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doing the world differently

Great article here by Per Wirten.

The glue that holds the cosmopolitan society together is politics. In other words, having shared problems that need to be resolved democratically. And by this I mean politics as Hannah Arendt described it: the discussion created where people meet to resolve common issues...It is in these discussions, founded on the idea of democracy and equal rights, that the cosmopolitan order takes shape. It is not a simple answer to all the conflicts raging in the city, but it is a framework for resolving them. This is what J├╝rgen Habermas ingeniously termed "constitutional patriotism" – people feel a sense of solidarity with a nation's laws, freedoms and rights, rather than its ties of kinship or cultural history.

Access to this discussion, to the publicity, requires an end to discrimination and exclusion. Having publicity and politics as the sole requisites of the community means that cosmopolitan society cannot accept the exclusion of anyone; it presupposes inclusion and, thereby, equal rights for everybody. Otherwise it ceases to function.

But cosmopolitanism is not just political theory. It is primarily lived experience. Take a walk through London: through the East End, Southall, Brixton. Be shocked by the inequality – but see the life. How people every day open up the mosaic and move the boundaries. How they prove that an individual is not governed by an unequivocal cultural affiliation. How the barriers of racial discrimination are overcome. Discover music as a wordless discussion about how the cosmopolitan city should be formed. Rishi Rich, Nitin Sawhney, DJ Cheb i Sabbah, and don't miss Ellika Frisell's amazing collaboration with Solo Cissokho. It is no coincidence that London-based cultural sociologist Les Back has used improvised music and jazz as a metaphor for the cosmopolitan. You have to be able to improvise, but it is not possible without knowledge of both your own and others' traditions.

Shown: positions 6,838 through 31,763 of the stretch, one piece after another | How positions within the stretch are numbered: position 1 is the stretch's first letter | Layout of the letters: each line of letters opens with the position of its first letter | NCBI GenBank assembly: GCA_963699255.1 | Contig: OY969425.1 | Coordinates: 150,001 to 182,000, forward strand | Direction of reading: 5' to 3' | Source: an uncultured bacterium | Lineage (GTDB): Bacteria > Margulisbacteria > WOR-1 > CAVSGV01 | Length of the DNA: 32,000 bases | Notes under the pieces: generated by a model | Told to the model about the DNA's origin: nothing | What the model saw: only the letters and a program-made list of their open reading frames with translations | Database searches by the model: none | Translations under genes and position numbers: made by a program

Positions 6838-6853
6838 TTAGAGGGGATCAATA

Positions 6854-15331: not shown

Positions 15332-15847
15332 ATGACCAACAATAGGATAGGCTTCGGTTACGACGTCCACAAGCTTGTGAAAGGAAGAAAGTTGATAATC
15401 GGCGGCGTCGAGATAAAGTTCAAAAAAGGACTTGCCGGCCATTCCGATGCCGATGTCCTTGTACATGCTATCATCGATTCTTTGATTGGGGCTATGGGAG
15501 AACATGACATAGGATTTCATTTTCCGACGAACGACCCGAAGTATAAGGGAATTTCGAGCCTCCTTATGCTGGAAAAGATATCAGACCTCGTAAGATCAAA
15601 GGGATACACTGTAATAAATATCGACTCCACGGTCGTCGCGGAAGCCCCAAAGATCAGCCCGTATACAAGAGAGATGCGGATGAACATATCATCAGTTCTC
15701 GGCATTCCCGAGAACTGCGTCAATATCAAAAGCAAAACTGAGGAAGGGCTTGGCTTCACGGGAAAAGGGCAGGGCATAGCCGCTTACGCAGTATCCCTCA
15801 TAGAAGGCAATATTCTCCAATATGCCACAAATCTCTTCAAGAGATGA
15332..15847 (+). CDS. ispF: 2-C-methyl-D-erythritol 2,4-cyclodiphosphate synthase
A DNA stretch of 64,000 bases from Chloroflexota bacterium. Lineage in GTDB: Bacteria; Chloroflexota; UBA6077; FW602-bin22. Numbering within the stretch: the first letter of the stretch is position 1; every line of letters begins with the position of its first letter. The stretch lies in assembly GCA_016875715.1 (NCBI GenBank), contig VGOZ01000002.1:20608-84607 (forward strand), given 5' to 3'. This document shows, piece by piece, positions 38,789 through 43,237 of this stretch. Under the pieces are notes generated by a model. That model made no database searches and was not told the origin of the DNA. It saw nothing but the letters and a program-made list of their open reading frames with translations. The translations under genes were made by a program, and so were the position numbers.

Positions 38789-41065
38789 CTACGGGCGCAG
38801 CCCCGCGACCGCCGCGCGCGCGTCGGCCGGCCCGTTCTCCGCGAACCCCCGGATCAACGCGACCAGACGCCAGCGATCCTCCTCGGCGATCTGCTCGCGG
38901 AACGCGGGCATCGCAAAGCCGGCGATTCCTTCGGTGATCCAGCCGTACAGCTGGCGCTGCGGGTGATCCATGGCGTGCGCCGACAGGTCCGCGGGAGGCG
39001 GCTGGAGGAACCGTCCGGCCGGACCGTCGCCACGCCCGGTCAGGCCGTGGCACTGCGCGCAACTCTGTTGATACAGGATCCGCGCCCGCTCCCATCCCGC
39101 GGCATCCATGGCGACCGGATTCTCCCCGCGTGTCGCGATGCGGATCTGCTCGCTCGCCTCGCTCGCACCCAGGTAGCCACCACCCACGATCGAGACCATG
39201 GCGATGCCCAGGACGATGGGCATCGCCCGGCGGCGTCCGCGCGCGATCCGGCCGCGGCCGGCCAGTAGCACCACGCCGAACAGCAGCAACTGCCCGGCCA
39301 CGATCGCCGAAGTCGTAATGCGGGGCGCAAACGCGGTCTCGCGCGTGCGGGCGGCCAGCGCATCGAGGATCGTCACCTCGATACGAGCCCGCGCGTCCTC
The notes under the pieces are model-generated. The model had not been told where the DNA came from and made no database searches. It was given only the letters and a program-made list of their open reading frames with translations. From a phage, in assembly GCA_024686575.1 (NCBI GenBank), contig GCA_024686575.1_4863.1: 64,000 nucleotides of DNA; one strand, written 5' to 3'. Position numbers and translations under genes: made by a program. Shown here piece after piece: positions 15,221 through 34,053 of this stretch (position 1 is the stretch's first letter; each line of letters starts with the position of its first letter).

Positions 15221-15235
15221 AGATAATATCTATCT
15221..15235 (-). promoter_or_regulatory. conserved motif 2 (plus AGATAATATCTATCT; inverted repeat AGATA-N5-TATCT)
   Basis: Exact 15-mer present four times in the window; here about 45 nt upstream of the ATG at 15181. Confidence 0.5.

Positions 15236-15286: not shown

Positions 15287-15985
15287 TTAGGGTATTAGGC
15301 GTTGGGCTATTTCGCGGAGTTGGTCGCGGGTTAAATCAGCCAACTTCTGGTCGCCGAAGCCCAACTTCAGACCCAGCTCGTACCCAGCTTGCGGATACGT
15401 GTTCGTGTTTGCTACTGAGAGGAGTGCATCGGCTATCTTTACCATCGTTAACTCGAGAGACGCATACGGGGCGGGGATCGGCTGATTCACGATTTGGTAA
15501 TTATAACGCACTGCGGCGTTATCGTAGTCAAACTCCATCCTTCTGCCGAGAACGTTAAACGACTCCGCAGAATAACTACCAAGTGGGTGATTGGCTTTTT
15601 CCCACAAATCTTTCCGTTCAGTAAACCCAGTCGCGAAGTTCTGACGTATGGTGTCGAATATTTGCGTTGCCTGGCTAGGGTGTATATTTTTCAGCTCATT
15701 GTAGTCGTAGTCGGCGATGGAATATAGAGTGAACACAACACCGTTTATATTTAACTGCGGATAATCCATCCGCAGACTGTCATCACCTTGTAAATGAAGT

"The idea of a cosmopolitan society – or a multicultural one, if you still prefer that term – is radically open, without answers known in advance. It is an experience of uncertainty. In this respect, it is reminiscent of the democratic ideal. Both are in some way beyond control. And, as a result, also unsettling. Anything that is fixed risks evaporating; fixed communities may dissolve or even vanish altogether. Zygmunt Bauman expresses the situation as follows: "The truth may only emerge at the far end of conversation – and in a genuine conversation (that is, a conversation that is not a soliloquy in disguise), no partner is certain to know, nor is able to know, what that end may be (if there is an end, that is)."



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